The State as Investment Market: Kyrgyzstan in Comparative Perspective
Based on a detailed examination of Kyrgyzstan, Johan Engvall goes well beyond the case of this single country to elaborate a broad theory of economic corruption in developing post-Soviet states regionally—as a rational form of investment market for political elites. He reveals how would-be officials invest in offices to obtain access to income streams associated with those offices. Drawing on extensive fieldwork over an eight-year period, Engvall details how these systems work and the major implications this holds for political and economic development in the region. Often identified and criticized simply as obstacles to development by scholars, Engvall instead argues that these systems must be reinterpreted in the context of a standardized and entrenched method of organizing the state. He also shows how private actors have been unsuccessful in buying preferential treatment directly from the state. Instead, public officials have become the predominant conduit to influencing policy process and monitoring the sale of protection, property rights, and other privatized “public” goods.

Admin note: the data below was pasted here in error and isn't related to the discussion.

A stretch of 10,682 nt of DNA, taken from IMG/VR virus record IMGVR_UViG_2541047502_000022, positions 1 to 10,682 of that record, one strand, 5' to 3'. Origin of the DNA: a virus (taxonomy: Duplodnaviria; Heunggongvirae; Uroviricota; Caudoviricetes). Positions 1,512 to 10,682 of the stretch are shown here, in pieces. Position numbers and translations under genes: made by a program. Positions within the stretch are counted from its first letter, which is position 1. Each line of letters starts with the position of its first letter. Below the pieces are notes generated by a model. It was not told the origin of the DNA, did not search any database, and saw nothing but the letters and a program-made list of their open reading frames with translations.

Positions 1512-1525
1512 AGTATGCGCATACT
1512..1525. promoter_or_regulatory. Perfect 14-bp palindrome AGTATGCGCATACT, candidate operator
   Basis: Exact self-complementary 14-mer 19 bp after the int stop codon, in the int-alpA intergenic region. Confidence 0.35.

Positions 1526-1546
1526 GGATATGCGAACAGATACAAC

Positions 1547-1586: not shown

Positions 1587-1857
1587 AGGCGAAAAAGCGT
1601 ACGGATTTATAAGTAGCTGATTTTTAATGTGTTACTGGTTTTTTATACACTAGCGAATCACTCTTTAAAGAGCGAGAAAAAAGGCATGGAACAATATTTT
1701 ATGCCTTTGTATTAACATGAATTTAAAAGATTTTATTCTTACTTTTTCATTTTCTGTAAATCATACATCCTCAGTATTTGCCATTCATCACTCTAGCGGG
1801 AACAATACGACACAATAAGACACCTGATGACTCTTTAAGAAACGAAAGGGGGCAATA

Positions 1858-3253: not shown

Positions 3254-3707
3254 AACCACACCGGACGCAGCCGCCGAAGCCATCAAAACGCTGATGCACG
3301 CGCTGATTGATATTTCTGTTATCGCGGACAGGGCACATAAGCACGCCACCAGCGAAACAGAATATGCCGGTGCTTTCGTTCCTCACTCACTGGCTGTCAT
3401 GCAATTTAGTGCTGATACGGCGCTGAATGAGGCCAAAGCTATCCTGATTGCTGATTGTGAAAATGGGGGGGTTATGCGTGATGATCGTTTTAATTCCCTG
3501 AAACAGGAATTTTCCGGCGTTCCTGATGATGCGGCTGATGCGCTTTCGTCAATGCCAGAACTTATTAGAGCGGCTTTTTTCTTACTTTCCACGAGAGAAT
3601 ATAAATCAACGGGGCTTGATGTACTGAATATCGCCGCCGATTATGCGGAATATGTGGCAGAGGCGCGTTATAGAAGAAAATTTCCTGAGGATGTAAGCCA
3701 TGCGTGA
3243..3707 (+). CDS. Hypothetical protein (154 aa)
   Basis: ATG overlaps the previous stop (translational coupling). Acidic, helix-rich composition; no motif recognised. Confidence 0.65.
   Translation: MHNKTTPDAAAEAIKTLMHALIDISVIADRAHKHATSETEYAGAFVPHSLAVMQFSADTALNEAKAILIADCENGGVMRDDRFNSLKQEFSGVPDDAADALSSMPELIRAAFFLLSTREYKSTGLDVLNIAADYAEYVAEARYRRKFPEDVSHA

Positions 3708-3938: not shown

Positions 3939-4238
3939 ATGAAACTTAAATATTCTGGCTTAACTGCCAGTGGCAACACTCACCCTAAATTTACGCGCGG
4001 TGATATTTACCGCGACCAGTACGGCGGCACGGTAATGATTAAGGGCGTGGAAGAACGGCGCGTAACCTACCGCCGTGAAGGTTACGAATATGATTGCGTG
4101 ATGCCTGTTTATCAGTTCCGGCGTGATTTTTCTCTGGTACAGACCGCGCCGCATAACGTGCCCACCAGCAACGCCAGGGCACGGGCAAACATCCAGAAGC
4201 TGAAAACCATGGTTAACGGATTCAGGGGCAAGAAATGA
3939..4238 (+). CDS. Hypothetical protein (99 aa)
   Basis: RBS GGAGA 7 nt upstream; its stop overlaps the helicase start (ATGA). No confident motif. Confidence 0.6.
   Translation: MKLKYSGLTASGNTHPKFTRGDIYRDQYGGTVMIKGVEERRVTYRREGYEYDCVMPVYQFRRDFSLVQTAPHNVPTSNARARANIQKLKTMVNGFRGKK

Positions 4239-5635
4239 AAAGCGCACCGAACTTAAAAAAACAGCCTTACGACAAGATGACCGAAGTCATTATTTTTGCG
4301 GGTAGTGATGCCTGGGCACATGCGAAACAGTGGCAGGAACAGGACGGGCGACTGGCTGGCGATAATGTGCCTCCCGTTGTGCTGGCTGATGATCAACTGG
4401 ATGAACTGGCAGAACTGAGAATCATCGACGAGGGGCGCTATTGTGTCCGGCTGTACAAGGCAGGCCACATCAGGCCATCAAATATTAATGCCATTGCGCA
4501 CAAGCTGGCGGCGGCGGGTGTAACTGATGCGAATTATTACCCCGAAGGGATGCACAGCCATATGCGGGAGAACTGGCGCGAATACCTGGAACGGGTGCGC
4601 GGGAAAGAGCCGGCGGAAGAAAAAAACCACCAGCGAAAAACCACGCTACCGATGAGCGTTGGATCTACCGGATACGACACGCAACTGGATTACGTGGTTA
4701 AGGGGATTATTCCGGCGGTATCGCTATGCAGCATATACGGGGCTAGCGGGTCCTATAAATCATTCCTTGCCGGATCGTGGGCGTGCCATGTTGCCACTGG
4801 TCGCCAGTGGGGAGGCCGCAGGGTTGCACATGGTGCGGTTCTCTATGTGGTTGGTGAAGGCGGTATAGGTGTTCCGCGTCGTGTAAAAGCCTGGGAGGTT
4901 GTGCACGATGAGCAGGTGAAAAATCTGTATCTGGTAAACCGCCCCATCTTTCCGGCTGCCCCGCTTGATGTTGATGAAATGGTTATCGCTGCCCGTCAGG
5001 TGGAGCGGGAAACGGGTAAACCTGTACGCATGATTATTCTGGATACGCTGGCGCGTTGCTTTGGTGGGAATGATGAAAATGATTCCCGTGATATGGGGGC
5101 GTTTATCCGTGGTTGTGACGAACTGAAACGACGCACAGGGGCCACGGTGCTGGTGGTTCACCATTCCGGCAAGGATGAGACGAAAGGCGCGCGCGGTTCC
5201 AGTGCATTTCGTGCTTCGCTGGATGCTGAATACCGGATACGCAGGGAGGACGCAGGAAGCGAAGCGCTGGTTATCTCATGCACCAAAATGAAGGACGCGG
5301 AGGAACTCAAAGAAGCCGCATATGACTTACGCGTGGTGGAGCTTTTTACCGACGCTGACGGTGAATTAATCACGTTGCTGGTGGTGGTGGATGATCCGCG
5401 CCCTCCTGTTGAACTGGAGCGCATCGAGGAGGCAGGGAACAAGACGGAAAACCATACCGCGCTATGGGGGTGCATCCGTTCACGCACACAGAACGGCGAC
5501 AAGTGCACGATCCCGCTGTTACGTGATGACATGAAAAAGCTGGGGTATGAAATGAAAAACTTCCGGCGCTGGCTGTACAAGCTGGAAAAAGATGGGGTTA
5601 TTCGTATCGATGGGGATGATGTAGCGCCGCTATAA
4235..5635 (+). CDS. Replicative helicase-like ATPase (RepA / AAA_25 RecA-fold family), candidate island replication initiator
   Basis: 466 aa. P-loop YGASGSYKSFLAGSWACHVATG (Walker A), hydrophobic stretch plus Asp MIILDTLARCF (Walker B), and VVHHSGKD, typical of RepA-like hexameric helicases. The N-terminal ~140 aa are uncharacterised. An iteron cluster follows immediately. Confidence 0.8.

China in Eurasia: Revisiting BRI amidst the Russia-Ukraine Crisis
This paper discusses China’s trade and connectivity plans under the Belt and Road Initiative (BRI) in the Eurasian region and the impact of the Russian invasion of Ukraine on Chinese […]
India-Middle East-Europe Economic Corridor: Will It Get Subsumed by Its Grand Vision?
The recently concluded Group of Twenty (G20) Summit in New Delhi under India’s presidency was, undoubtedly, a crowning moment for India. From providing the G20 with new relevance among the […]
Promise And Peril In The Caucasus
America’s national security bureaucracy separates the Caucasus and the Middle East into different bureaus, with Central Asia in yet another office. This is part of the reason the U.S. has […]
Revitalizing INSTC: Analyzing Geopolitical Realignments and the China Factor
In recent years, the rise of Asia as the geoeconomic and geostrategic fulcrum has not only realigned global geopolitics but also reasserted the need for regional connectivity. For example, the […]